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Event: Time Travel in L.A.'s Historic Filipinotown

Back in 2002, Los Angeles City Council President Eric Garcetti helped designate the neighborhood south of the 101 Freeway and north of Beverly...


Back in 2002, Los Angeles City Council President Eric Garcetti helped designate the neighborhood south of the 101 Freeway and north of Beverly Boulevard, between Glendale Boulevard and Virgil Avenue, as Historic Filipinotown, lovingly known to its residents as Hi Fi. Still, many L.A. residents have little knowledge as to what makes Historic Filipinotown "Filipino" or "historic."Our friends over at Public Matters have been hard at work this past year, partnering up with the Pilipino Workers' Center, UCLA's Center for Remap, and Hypercities to bring Hi Fi's hidden stories to the surface. A key player in telling these stories has been PDUB Productions, a group of local teenagers who underwent a video boot camp before jumping directly into their field work: meeting the neighborhood's longtime residents and documenting its historic sites and events. The results of these groups' collaborative work are the Mobile Hi Fi Tours. Using digital technology to explore Historic Filipinotown's buried past, these tours offer a mobile media experience akin to time travel.On Saturday, September 26, at Pilipino Workers' Center, PDUB Productions will launch the Mobile Hi Fi Tours from 1 to 6 p.m., followed in the evening from 6:30 to 9:30 p.m. by a barrio fiesta style fundraiser for PWC, which includes cultural performances and an outdoor PDUB Production screening under the stars.For more information on the project, visit PDUB. To reserve a spot on the Hi Fi walking tour here, and on the Jeepney tour here. You can buy a ticket for PWC's fundraiser barrio fiesta here. And if you can't make it out to any of the festivities on Saturday, come out to Good Girl Dinette in Highland Park (one of Jonathan Gold's 99 essential Los Angeles restaurants) on Wednesday, September 23, and tip generously. All proceeds from tips will go toward the PWC fundraiser as well.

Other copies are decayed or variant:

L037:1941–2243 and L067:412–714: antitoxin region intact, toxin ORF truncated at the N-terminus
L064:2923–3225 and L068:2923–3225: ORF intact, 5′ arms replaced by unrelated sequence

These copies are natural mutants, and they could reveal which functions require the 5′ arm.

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Julian Meehan

Young leaders from around the world are gathering at the United Nations Headquarters in New York Saturday to address arguably the most urgent issue of our time. The Youth Climate Summit comes on the heels of an international strike spearheaded by Greta Thunberg, the 16-year-old climate activist from Sweden, who arrived in New York via emissions-free sailboat earlier this month.

Translated from Swedish, "berg" means "mountain," so it may feel fated that a young woman with Viking blood in her veins and summit in her name would be at the helm. But let's go out on a limb and presume Thunberg, in keeping with most activists, would chafe at the notion of pre-ordained "destiny," and rightly so. Destiny is passive — it happens to you. It's also egomaniacal. Change, on the other hand, is active; you have to fight. And it is humble. "We need to get angry and understand what is at stake," Thunberg declared. "And then we need to transform that anger into action."